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Andy Leonard

Andy Leonard is an author and engineer who enjoys building and automating data integration solutions. Andy is co-host of the Data Driven podcast. Andy is no longer updating this blog. His current blog is

2011 PASS Board Applicants: Rob Farley


I am interviewing 2011 PASS Board Nominee Applicants. As listed on the PASS Board Elections site the applicants are:

  • Rob Farley
  • Geoff Hiten
  • Adam Jorgensen
  • Denise McInerney
  • Sri Sridharan
  • Kendal Van Dyke

I'm asking everyone the same questions and blogging the responses in the order received.

Rob Farley is first up:

Interview With Rob Farley

1. What's your day job?

I run LobsterPot Solutions out of Adelaide, Australia. We're a SQL & BI consultancy, and were the first Microsoft Partner to have the Gold Competency in Business Intelligence anywhere in the world. I say that as if it's really significant - but actually it was just that we made sure we were ready when the Partner Program switched across to the Partner Network last year. You can read more about the company at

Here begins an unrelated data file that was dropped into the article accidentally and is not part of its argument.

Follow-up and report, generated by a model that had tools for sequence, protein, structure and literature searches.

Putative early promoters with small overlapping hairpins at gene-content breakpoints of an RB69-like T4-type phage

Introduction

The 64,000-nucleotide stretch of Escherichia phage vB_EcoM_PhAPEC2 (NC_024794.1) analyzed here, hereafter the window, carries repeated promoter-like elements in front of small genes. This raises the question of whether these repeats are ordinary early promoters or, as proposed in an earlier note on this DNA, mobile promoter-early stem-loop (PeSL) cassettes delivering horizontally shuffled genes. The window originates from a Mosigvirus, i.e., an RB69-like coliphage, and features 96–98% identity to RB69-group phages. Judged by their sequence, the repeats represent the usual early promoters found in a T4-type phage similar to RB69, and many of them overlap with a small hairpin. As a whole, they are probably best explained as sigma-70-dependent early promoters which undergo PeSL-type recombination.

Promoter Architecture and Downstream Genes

I'm semi-technical in the company. Obviously I need to run the business, but I also end up being involved in many of our projects and in 'pre-sales' kind of activity. We don't have any salespeople - all our work comes through word-of-mouth, but that doesn't negate the need for developing leads into clients, which is where a lot of my time gets spent.

2. What motivated you to run for the PASS Board of Directors?

It would be wrong say "It's Stockholm Syndrome", but Stockholm is definitely involved.